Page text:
A carbon tax is an energy tax on fossil fuels such as coal or petroleum, which free carbon dioxide, commonly abbreviated as CO2, when they are burned. In that case, CO2 rises into the atmosphere were it remains and causes global warming due to reflection. The repeated absorption and reemission by CO2 effectively scatters the infrared radiation and causes the heating effect commonly known as greenhouse effect (Russell Kightley Media, Global warming, 2012). An atmosphere without containing greenhouse gases would simply radiate back the heat into the space but CO2 and other greenhouse gases (GHG) are absorbing and reemitting this infrared in various directions. As a result, the atmosphere will be heated up (Russell Kightley Media, Global warming, 2012). In conjunction, alternative energy sources such as wind or sunlight, do not free carbon dioxide during the energy creation process.

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Figure 1: Greenhouse effect (Russell Kightley Media, Global warming, 2012)

As for every form of fossil fuel the exact carbon content, hence the amount of CO2 created during the generation of energy is known, an accurate carbon taxation as such be simple.

2. Carbon footprint

What is a carbon footprint?

A carbon footprint measures the total greenhouse gas emissions caused directly and indirectly by a person, organization, event or product. A carbon footprint is measured in tonnes of carbon dioxide equivalent, commonly abbreviated with tCO2e. The carbon dioxide equivalent (CO2e) allows the different greenhouse gases to be compared on a like-for-like basis relative to one unit of CO2. CO2e is calculated by multiplying the emissions of each of the six greenhouse gases by its 100 year global warming potential (GWP). (Carbon Trust, 2012)

The idea and basically the concept of carbon footprint is related to the developed ecological footprint in the 1990s by William Rees (Prof. at University of British Columbia) and Mathis Wackernagel (CEO of Global Footprint Network) (William Safire, 2008). The carbon footprint is a subset of the ecological footprint and of the more comprehensive Life Cycle Assessment (LCA). From an organizational point of view, two different types of carbon footprint exist. On the one hand side an organizational and on the other hand a product related one. The first one is related to all activities on an organization and includes energy as well as industrial processes and if applicable company vehicles. The second one, the product related carbon footprint, describes the emission of a product or service from the beginning until the end and includes the reuse, the recycling and the disposal of the product. The carbon footprint of a product, of an enterprise or organization can be derived by undertaking a GHG emission assessment (Carbon Footprint Ltd, accessed 02.03.2012). Once the size of a carbon footprint is known, a strategy can be developed to reduce it by e.g. technological developments, better process and product management as well as changed Green Public or Private Procurement (GPP), carbon capture, consumption strategies and others (Carbon Footprint Ltd, accessed 02.03.2012).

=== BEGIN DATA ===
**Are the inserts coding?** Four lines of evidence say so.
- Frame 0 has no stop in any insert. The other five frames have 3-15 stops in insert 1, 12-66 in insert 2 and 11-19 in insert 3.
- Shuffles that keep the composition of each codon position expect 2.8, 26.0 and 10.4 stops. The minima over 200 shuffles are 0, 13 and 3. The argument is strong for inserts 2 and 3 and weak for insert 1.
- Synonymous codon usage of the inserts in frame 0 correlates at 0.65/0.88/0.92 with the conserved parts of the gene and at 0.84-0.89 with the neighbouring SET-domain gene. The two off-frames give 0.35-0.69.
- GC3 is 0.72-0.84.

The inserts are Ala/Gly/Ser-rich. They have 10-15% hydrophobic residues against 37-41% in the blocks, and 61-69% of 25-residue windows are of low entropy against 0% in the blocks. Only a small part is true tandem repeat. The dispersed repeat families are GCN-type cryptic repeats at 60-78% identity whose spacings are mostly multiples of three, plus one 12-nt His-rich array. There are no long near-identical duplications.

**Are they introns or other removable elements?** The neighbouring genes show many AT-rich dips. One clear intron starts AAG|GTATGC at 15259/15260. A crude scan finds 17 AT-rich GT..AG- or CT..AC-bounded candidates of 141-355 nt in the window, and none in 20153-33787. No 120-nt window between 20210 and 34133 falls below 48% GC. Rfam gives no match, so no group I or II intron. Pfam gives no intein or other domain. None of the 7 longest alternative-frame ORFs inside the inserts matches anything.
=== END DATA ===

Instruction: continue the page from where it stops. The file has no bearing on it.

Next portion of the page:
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Figure 2: Carbon footprint standards (Carbon Footprint Ltd.)